• Thanks for your question Val – the RSPCA’s standards for layer hens specify a max stocking density of 1,500 birds/ha if the range (outdoor) area is fixed and up to 2,500 birds/ha if there are rotational range management strategies in place. You’ll also see that the RSPCA called for free range hens to be stocked at a max rate of 1,500 birds/ha in the recent free range egg labeling standard. It’s important to note that good animal welfare relies upon a combination of factors, not just stocking density and outdoor access – that’s why it’s so important to get the indoors right, including good stockmanship and management, appropriate housing, and the ability to meet the animal’s behavioural needs.

  3. How can I stop my daytime free range chooks from decimating my expensive plants on my deck. the three of them are happy and mix with my husband and I and our spoodle dog. But the minute they’re left outside they start attacking my plants. I’m pretty sure they want to come inside and I’m not having that, thanks.They’re well feed and get fresh lettuce each night.Fresh warer each day and plenty of good layer mash. Getting exasperated,ant ideas?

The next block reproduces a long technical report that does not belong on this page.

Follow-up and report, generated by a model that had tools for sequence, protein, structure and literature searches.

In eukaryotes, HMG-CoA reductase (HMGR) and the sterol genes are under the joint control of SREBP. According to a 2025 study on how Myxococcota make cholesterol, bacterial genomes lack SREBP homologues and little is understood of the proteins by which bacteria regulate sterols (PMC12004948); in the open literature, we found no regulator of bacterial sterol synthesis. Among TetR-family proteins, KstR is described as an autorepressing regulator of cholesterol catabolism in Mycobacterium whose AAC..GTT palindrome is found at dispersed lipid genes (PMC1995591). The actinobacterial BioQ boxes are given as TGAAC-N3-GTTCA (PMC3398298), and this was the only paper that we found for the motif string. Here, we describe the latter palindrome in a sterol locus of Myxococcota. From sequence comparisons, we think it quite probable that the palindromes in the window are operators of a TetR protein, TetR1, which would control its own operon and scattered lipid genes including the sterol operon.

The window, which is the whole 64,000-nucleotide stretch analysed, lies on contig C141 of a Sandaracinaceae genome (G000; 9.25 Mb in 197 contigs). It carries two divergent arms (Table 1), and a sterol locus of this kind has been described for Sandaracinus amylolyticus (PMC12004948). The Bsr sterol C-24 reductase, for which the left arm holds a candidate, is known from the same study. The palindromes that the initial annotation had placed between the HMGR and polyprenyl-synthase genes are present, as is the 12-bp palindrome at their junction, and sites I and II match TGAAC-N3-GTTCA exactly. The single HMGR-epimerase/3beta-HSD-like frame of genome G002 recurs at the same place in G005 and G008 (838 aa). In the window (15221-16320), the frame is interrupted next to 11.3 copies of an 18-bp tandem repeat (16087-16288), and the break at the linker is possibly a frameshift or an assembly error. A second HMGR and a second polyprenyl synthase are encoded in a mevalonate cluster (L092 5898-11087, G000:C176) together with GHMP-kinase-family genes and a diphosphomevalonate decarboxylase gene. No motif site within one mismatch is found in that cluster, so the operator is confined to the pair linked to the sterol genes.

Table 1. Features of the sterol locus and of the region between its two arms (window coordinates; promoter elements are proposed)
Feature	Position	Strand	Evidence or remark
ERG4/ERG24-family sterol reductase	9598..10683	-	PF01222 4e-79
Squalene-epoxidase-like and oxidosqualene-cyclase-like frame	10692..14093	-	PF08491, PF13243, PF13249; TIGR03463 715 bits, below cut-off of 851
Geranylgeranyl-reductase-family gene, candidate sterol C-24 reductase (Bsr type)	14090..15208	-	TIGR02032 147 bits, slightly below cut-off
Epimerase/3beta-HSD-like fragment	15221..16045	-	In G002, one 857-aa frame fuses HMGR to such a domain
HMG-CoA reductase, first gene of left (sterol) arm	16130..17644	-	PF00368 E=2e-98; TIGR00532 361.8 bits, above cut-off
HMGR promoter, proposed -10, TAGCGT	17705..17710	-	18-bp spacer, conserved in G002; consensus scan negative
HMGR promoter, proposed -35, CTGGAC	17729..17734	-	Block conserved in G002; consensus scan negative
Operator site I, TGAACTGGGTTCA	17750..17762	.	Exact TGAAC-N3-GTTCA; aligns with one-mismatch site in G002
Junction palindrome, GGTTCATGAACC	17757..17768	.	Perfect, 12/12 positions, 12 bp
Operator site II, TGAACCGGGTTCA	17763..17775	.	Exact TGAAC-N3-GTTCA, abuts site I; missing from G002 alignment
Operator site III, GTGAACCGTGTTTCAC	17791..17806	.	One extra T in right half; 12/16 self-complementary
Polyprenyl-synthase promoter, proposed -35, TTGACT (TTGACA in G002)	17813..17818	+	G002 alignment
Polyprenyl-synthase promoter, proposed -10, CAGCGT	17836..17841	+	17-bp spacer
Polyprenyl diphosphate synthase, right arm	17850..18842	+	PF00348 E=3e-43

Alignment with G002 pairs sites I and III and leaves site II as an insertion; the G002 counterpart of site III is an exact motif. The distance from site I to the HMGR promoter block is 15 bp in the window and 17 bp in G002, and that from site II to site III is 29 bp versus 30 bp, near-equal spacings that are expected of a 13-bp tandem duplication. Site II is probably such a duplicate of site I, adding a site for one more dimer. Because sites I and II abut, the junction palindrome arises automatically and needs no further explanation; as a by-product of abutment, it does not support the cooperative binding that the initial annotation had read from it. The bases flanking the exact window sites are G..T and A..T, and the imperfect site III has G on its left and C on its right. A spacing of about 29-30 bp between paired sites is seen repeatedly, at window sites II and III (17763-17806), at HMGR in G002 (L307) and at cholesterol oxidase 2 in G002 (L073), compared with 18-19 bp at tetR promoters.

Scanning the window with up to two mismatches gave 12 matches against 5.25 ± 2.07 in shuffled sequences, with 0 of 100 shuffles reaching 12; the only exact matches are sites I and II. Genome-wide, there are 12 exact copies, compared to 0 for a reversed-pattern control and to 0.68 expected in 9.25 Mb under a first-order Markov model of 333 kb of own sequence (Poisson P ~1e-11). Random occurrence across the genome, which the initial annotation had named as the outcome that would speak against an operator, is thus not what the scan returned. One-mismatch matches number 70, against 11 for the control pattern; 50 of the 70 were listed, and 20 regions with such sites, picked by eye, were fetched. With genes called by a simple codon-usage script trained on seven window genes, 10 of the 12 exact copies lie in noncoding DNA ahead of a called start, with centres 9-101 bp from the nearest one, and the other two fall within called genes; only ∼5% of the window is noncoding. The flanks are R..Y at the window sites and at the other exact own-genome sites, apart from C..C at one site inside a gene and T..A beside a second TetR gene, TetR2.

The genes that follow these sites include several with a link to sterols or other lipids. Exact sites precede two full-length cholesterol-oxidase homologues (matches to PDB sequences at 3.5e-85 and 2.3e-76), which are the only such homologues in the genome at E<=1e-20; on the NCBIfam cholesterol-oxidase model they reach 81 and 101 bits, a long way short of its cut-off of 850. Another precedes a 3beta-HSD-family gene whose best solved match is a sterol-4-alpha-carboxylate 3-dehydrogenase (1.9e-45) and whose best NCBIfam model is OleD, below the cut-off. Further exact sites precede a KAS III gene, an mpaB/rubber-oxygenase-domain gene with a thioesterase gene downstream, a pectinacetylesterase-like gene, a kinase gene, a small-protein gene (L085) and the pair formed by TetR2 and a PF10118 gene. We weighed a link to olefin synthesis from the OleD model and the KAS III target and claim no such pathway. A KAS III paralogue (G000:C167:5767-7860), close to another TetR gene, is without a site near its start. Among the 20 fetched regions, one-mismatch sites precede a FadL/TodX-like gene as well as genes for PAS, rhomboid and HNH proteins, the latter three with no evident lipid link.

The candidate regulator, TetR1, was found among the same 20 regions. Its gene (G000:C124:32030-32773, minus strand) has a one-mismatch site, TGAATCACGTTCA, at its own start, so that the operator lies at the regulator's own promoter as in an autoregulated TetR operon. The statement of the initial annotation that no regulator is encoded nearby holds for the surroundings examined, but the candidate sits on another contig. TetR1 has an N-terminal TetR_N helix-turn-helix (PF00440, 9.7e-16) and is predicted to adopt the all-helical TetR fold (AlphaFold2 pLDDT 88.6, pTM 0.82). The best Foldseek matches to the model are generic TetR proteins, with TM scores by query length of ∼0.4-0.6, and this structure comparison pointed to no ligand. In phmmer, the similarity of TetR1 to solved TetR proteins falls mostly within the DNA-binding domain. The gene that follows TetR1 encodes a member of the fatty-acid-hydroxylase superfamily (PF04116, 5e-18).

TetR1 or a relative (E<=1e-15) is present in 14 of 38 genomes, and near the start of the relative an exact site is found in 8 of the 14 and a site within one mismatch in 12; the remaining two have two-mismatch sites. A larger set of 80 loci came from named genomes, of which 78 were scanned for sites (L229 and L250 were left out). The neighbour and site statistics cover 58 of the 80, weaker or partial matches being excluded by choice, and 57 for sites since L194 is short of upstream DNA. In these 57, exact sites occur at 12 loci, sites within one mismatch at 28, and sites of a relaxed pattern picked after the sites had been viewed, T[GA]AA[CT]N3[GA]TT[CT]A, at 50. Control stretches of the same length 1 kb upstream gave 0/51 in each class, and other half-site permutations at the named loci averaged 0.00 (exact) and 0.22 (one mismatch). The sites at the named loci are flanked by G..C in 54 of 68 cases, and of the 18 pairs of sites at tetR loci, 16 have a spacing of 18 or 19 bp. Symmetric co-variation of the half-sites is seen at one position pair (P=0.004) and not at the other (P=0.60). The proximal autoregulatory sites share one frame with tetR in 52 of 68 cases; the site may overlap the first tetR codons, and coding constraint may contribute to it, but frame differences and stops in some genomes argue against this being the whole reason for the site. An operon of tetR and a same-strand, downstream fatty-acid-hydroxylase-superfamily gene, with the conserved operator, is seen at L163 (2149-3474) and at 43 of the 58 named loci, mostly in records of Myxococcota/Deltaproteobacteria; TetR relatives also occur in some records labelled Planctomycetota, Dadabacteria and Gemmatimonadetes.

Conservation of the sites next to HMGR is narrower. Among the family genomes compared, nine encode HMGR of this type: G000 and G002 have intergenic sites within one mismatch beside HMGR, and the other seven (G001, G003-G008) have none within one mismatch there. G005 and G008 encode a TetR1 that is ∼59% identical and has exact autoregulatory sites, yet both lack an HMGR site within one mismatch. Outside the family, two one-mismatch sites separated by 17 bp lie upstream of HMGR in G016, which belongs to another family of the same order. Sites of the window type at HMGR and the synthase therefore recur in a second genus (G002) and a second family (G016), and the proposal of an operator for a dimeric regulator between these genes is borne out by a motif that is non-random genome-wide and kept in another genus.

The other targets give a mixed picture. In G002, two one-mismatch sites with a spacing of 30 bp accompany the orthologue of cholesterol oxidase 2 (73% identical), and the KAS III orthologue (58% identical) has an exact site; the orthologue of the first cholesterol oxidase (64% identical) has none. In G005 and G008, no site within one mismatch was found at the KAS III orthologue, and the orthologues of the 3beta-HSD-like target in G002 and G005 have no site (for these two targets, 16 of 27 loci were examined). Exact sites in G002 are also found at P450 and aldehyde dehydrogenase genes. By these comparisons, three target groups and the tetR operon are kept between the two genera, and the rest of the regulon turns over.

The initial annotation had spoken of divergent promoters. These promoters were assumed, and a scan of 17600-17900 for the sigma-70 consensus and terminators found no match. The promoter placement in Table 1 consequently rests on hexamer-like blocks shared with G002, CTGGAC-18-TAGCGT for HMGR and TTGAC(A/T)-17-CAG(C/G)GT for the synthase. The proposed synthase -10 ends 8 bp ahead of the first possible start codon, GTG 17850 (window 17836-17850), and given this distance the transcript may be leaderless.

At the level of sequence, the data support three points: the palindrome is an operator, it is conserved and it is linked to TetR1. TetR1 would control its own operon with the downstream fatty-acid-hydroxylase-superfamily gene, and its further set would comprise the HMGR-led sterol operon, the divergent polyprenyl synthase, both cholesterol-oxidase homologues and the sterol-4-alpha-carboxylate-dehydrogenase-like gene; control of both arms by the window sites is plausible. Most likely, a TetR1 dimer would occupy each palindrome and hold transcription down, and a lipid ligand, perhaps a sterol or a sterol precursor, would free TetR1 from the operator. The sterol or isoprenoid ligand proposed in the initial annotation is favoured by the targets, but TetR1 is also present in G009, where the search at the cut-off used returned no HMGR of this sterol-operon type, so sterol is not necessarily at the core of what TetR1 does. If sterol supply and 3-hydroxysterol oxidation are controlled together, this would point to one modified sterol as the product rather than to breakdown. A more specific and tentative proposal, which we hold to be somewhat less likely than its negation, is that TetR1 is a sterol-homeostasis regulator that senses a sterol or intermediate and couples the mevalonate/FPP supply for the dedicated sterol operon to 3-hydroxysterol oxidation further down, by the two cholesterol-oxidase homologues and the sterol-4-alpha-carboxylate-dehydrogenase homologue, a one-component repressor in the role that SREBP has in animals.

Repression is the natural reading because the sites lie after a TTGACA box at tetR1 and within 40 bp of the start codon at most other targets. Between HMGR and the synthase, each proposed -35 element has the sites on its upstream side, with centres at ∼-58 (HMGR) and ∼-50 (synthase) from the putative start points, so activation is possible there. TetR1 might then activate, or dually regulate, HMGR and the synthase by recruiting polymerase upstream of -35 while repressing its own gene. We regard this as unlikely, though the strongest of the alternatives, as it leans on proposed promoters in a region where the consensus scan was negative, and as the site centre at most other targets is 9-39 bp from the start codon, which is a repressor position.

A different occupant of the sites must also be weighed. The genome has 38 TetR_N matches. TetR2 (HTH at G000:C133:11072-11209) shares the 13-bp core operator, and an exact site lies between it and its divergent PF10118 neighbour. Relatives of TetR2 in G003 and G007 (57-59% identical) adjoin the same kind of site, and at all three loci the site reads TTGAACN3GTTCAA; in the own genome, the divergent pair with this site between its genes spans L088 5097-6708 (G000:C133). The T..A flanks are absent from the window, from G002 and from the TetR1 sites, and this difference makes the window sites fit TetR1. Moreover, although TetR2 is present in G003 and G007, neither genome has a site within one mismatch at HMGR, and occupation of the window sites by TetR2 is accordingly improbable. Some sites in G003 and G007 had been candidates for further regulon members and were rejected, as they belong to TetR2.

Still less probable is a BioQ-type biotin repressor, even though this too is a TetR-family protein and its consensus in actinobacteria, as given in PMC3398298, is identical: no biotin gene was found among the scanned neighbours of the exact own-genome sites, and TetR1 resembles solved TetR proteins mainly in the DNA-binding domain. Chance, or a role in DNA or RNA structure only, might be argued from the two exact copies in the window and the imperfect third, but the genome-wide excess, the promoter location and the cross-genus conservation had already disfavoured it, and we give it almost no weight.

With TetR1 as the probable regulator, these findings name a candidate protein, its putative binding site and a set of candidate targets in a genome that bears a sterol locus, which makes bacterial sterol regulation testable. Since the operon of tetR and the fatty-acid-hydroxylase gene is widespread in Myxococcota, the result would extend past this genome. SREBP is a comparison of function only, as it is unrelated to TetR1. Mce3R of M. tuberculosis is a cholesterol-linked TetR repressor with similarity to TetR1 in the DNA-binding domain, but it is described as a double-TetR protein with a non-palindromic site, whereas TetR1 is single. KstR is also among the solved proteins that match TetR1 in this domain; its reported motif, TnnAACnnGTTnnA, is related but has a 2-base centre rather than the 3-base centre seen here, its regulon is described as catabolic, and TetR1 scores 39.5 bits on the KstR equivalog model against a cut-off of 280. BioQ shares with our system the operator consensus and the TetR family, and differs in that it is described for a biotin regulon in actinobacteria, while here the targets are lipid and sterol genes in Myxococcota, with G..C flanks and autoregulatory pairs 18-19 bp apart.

• That’s a tough one Vivienne – you could perhaps try covering your plants to protect them and provide additional enrichment for your chooks, such additional scraps.

  4. Was this farm approved at 3,,500 as shown on their cartons. It seems a bit misleading to call for 1,500 in the standards and to tell the community that you max is 2,500 when you approved a farm at 3,500.

    • Thanks for your question Greg – exemptions to specific standards on particular sites may be granted on rare occasions, but only where the RSPCA can see that animal welfare is not compromised.